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Typically, tenders are invited by the government for any infrastructure or construction project. If bidders meet the technical and financial requirements, a letter of acceptance is issued to the selected bidder. Often, this is just the beginning of a headache. The awards are not only open to challenge from rejected bidders, but the general public, by way of public-interest litigations (PILs). Last-minute changes in specifications to enable only a specific bidder to match the criteria has been a common grievance and fertile ground for court proceedings. Such allegations were levied by Bharat Heavy Electrical Ltd (BHEL) when it lost the Kawas and Gandhar gas-based power project to ABB. The Reliance-ASA JV also accused the government of making changes in the published tender conditions, barely two hours before the opening of the bids in the Delhi-Mumbai Airport Privatisation Tender. A veritable Pandora´s box opens up in almost every other tender with parties, time and again, charging the government of malice and rushing to the courts. Finally, in Ratnagiri Gas & Power Pvt Ltd vs RDS Projects and Others (AIR 2013 SC 200), the Apex Court held: ´where malice is attributed to the State, it can never be a case of personal ill-will or spite on the part of the State´.
If all goes well, the letter of acceptance (LoA) is normally followed by a concessionaire agreement executed between the government and the winning bidder. For well over a decade, to popularise public-private participation (PPP), the government has successfully implemented measures to standardise concessionaire agreements in the infrastructure sector. This may have been a need of its times, as by the end of the Eleventh Five-Year Plan (2007-2012), the share of private investments of the total infrastructure investments in the economy was nearly 40 per cent, the rest being public investments.
The real test of the tenacity of any agreement is when it goes through the rigours of litigation. As all fights are always about money, case laws pertaining to liquidated damages and cost escalation are briefly discussed hereafter. In this regard, Oil & Natural Gas (ONGC) vs SAW Pipes Ltd (AIR 2003 SC 2629) comes to mind first. Here, the Apex Court examined the clauses relating to liquidated damages in the light of Section 73 (Compensation for Loss and Damage Caused by Breach of Contract) and Section 74 (Compensation of Breach of Contract where Penalty Stipulated For) of the Indian Contract Act, 1872. The impugned clause expressly recorded: ´the liquidated damages are not by way of penalty... (this is an agreed, genuine pre-estimate of damages duly agreed by the parties)´. The Supreme Court interpreted the contract and expressed its opinion in the following words: ´there was nothing on record that compensation contemplated by the parties was in any way unreasonable. It has been specifically mentioned that it was an agreed genuine pre-estimate of damages duly agreed by the parties. It was also mentioned that the liquidated damages are not by way of penalty.´ And, liquidated damages were thus awarded to the claimant. It may be worth noting the expression ´genuine pre-estimate of damages duly agreed by the parties´ has become a sine qua non of our standardised concessionaire agreements.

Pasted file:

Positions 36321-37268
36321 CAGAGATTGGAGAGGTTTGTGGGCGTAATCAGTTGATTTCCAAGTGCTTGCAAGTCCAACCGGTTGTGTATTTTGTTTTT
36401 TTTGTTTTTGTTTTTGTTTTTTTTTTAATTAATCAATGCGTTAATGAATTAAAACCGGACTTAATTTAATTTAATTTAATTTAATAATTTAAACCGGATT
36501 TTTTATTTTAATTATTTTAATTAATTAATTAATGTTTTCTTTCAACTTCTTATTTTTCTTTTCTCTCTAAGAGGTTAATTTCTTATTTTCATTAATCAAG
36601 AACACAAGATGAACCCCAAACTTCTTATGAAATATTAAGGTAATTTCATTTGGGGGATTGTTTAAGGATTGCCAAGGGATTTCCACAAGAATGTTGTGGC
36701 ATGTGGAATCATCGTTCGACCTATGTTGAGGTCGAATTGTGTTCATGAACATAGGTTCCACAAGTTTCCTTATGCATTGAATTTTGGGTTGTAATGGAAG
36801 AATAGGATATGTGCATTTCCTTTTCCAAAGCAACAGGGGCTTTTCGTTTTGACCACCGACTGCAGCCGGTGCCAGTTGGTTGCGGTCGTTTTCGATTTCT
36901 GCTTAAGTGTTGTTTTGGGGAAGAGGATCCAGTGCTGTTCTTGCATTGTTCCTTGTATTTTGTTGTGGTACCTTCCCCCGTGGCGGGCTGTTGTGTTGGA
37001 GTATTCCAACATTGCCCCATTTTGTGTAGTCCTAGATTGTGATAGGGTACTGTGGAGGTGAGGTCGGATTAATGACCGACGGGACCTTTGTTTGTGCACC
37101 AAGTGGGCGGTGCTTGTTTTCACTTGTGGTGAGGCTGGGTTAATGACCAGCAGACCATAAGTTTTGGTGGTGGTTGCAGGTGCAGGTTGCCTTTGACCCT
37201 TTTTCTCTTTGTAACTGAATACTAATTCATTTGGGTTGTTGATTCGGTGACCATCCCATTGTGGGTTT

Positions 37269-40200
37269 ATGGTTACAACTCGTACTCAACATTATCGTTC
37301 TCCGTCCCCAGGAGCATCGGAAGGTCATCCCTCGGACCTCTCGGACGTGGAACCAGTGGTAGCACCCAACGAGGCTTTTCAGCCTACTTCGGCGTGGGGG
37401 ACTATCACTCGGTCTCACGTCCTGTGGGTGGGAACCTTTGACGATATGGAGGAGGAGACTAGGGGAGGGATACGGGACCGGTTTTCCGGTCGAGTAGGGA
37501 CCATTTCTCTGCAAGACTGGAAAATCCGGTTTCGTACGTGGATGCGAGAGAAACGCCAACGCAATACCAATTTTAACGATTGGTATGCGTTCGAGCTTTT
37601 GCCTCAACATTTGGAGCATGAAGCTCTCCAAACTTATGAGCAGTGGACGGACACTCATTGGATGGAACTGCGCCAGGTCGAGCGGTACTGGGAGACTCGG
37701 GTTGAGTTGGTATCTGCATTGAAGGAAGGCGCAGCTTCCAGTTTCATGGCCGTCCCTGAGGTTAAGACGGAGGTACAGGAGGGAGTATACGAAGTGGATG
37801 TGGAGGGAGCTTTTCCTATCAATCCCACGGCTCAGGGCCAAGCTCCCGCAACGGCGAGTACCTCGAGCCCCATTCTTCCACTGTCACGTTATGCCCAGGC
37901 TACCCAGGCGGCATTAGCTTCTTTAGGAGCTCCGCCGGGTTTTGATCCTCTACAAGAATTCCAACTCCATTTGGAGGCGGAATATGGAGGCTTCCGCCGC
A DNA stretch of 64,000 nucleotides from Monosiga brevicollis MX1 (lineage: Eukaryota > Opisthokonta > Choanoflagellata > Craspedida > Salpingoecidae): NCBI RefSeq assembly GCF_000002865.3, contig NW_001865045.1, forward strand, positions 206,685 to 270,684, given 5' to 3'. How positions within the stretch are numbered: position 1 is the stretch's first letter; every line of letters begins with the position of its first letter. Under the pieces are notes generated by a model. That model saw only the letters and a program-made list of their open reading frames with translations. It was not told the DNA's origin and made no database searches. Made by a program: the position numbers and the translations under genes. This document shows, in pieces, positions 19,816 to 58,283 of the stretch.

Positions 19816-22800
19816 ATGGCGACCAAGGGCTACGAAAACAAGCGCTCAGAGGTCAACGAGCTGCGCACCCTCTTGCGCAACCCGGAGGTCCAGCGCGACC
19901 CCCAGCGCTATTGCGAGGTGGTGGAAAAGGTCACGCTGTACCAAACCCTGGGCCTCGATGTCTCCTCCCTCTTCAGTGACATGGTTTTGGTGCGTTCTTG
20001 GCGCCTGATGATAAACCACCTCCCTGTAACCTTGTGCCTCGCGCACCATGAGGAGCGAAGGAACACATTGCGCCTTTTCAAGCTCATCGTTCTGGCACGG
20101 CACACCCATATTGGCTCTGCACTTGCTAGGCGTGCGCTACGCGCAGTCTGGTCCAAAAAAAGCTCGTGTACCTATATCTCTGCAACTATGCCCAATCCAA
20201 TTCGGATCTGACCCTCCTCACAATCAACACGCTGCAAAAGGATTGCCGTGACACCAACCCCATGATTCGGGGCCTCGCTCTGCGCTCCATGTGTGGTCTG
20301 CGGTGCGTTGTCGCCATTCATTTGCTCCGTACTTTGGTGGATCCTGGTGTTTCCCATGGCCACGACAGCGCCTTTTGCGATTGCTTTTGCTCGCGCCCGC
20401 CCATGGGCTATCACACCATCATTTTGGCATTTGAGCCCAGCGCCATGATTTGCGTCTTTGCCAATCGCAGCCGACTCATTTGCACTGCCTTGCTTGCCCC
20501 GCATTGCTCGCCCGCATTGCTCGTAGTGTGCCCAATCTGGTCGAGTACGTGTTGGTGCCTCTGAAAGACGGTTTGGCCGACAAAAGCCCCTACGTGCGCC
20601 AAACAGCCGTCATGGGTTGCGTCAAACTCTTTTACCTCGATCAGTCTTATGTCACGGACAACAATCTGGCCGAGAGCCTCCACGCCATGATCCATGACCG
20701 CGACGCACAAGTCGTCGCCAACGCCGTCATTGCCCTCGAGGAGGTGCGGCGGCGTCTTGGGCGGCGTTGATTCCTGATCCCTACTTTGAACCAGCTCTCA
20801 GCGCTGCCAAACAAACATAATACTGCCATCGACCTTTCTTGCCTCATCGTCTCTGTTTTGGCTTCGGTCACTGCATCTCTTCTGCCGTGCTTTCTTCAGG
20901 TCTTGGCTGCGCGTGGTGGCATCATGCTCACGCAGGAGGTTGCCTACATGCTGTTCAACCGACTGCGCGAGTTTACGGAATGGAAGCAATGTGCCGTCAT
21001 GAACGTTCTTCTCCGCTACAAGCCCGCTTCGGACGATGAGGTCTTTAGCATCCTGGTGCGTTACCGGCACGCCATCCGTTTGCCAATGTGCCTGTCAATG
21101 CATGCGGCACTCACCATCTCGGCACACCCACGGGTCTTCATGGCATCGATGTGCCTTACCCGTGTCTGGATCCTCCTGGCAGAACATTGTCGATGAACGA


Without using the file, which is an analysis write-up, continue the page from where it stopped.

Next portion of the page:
Price or cost escalation is not mentioned in many such agreements. These lacunae must be filled in at some stage.
A private source with rich experience in projects once boldly announced: ´what is not earned by way of fee is earned by way of cost escalation´. In numerous judgments, it has been held that escalation can be awarded only if stipulated in the contract or if the contract contains provisions for variations.
Given the fact that all concessionaire agreements have an arbitration clause and are governed by the Arbitration and Conciliation Act, 1996, the 2015 amendments to the Act are a welcome change.
Very often, after the painful process of arbitration, the losing party chooses to challenge the award under Section 34 (2) (b) (ii) of the Arbitration and Conciliation Act, 1996, on the grounds that it is ´in conflict with the public policy of India´. On the grounds of public policy, a public-sector undertaking (PSU) is known to have refused to pay interest on damages decreed in an international arbitration and sought to hold the award as void. Indeed, an eminent jurist has referred to ´public policy´ as ´a unruly horse, and when once you get astride it you never know where it will carry you´. To this quip, Lord Denning´s flamboyant response was: ´with a good man in the saddle, the unruly horse can be kept in control. It can jump over obstacles.´
There is always hope, especially now. And, thanks to the 2015 amendments, the meaning of ´conflict with public policy of India´ has been given a confined interpretation as ´contravention with the fundamental policy of India´. Nevertheless, it is hoped that the Public Contracts (Resolution of Disputes) Bill, 2015, under which a special tribunal to deal with disputes relating to public contracts exceeding Rs 5 crore shall be set up, will soon be enacted. This may prove to be an antidote against prolonged litigation.
About the authors:
Rupali Sharma, Senior Partner, Kochhar & Co, Mumbai, has over 19 years of experience; and Divya Malcolm is a senior associate at Kochhar & Co, Mumbai office.
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